Just the ticket for allaying incipient ablutophobia.


Sloppy the tree dragon finally earned his heart’s desire in Sloppy Wants a Hug (2017), but now Dewdrop the fairy has again turned standoffish.

Her reluctance to bestow further hugs is understandable, as Sloppy’s vigorous mucking about in puddles has left him a mess. Her suggestion that he take a bath is initially greeted with horror, as he’s never had one, and anyway there might be sharks or crocodiles in the pond. At Dewdrop’s coaxing, though, and also when he sees a trio of ducklings expressing similar reservations to their mama—“Quack (Sharks!) Quack! (Crocodiles!)”—he does finally screw his courage to the sticking place. Although it’s about a dragon, the book offers much that will be familiar to grotty toddlers: The ducklings look like rubber duckies, and Julian provides the pond with both a drain plug and a floating basket of sponges, brushes, and bottles of bubbly soap. Sloppy himself resembles a flop-eared plush toy with, like his diminutive, light skinned friend, undersized wings. He comes out of the water feeling both brave and “AMAZING!” He gets his hug too, though (you’d think she’d have learned her lesson from last time) in return he lays “a great big gooey lick” on Dewdrop that leaves her hair a slimy tangle and sends her off for a bath of her own.

Just the ticket for allaying incipient ablutophobia. (Picture book. 2-4)

Pub Date: Sept. 4, 2018

ISBN: 978-0-7358-4306-6

Page Count: 32

Publisher: NorthSouth

Review Posted Online: June 11, 2018

Kirkus Reviews Issue: July 1, 2018

Did you like this book?

No Comments Yet

Interactive features carry this unicorn board book for toddlers.


From the My Magical Friends series

Unicorns, rainbows, and interactive features come together in this durable board book.

A perky unicorn graces the cover, and the wheel integrated in the cover page can be used to rotate the sparkly, colorful lines on her rainbow mane, tail, and hooves for a pleasant striped effect. “A unicorn skipped out one day, / spreading magic on her way.” The rainbow unicorn wanders through her enchanted land, chasing away the clouds, stopping rain, and fixing torn fairy wings. Text is sparse, just one sentence-cum-couplet on each of the four double-page spreads, offering little substance for toddlers and not fully connecting with the illustrations. Cartoony illustrations are colorful yet simplistic, reminiscent of animated children’s television programming. Wafting clouds of stars represent unicorn magic, with birds, flowers, pale-skinned fairies, butterflies, and other insects scattered throughout. The final double-page spread shows a herd of unicorns of different colors frolicking together. Beyond the wheel on the cover, other interactive mechanisms include smooth pull-out tabs and sturdy sliders, which toddlers may easily enjoy while developing motor skills. The turn-push-pull-slide features of this book are developmentally perfect for the age, and they are the true adventure in this sturdy book. It’s a shame the text and illustrations fail to deliver in terms of edutainment and pale in comparison to the interactive features.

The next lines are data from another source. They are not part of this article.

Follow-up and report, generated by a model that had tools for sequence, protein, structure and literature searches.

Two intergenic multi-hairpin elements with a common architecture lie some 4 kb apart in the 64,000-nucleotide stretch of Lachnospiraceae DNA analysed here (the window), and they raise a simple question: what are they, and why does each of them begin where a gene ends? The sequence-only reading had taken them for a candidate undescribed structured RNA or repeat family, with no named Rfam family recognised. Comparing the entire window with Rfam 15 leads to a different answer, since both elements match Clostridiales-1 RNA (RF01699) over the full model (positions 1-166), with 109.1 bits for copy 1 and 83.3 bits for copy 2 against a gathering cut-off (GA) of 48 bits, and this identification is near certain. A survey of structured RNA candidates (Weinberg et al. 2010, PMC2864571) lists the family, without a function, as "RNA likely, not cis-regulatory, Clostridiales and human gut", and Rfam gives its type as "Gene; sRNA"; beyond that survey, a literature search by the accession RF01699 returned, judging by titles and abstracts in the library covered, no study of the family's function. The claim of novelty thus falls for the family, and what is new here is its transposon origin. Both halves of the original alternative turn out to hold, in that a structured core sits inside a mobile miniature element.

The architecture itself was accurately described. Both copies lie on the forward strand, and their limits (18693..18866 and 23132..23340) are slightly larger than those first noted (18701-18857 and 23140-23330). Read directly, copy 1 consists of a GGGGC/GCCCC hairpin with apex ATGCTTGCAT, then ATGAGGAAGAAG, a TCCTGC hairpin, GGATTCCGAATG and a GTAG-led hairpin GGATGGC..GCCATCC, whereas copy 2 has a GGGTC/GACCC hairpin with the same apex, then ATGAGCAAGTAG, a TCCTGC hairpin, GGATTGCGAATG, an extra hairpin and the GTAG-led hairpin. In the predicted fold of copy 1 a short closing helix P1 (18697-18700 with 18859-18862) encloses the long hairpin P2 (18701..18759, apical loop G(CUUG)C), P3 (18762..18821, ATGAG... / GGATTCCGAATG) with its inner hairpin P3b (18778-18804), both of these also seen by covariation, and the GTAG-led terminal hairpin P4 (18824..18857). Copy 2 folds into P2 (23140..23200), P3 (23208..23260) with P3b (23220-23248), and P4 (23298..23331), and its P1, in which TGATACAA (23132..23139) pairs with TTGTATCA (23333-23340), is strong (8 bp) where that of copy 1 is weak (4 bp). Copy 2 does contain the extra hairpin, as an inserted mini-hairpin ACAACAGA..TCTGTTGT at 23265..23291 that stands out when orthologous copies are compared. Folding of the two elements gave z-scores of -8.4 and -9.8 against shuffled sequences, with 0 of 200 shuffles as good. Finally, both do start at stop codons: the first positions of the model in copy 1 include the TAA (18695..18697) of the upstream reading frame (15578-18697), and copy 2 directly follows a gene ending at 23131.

Interactive features carry this unicorn board book for toddlers. (Novelty board book. 2-4)

Pub Date: Feb. 12, 2019

ISBN: 978-1-4197-3729-9

Page Count: 8

Publisher: Abrams Appleseed

Review Posted Online: Jan. 28, 2019

Kirkus Reviews Issue: Feb. 15, 2019

Did you like this book?

No Comments Yet

For the youngest of unicorn fanatics; others may want to look for their magic elsewhere.


A young unicorn frolics with friends and family to the tune and lyric structure of “Twinkle, Twinkle, Little Star.”

Predictably, the singable text reads: “Twinkle, Twinkle, unicorn, / sparkle with your magic horn. // Leaping over clouds so high, / like a diamond in the sky.” Each double-page spread shows the titular creature, yellow and with a rainbow mane, tail, and horn, leaping over rainbows, cavorting with bumblebees, and dancing with a pink bunny, among others. As night falls, the unicorn enjoys a story from what are likely parental figures, an older pink unicorn sporting a necklace and a blue unicorn with bow tie (it seems gender stereotypes exist among legendary creatures, too). Waring’s childlike art is a candy-colored explosion, with big-eyed critters, both legendary and real, all with chunky, toddler-esque physiques. While the verse is nothing new (“Twinkle, Twinkle Little Star” has arguably been rewritten more than any other children’s song) and there is little substance, it scans and sings relatively easily. Youngsters will be drawn to the sparkly rainbow on the cover.

For the youngest of unicorn fanatics; others may want to look for their magic elsewhere. (Board book. 2-4)

Pub Date: March 5, 2019

ISBN: 978-1-5344-3973-3

Page Count: 7

Publisher: Little Simon/Simon & Schuster

Review Posted Online: March 27, 2019

Kirkus Reviews Issue: April 15, 2019

Did you like this book?

No Comments Yet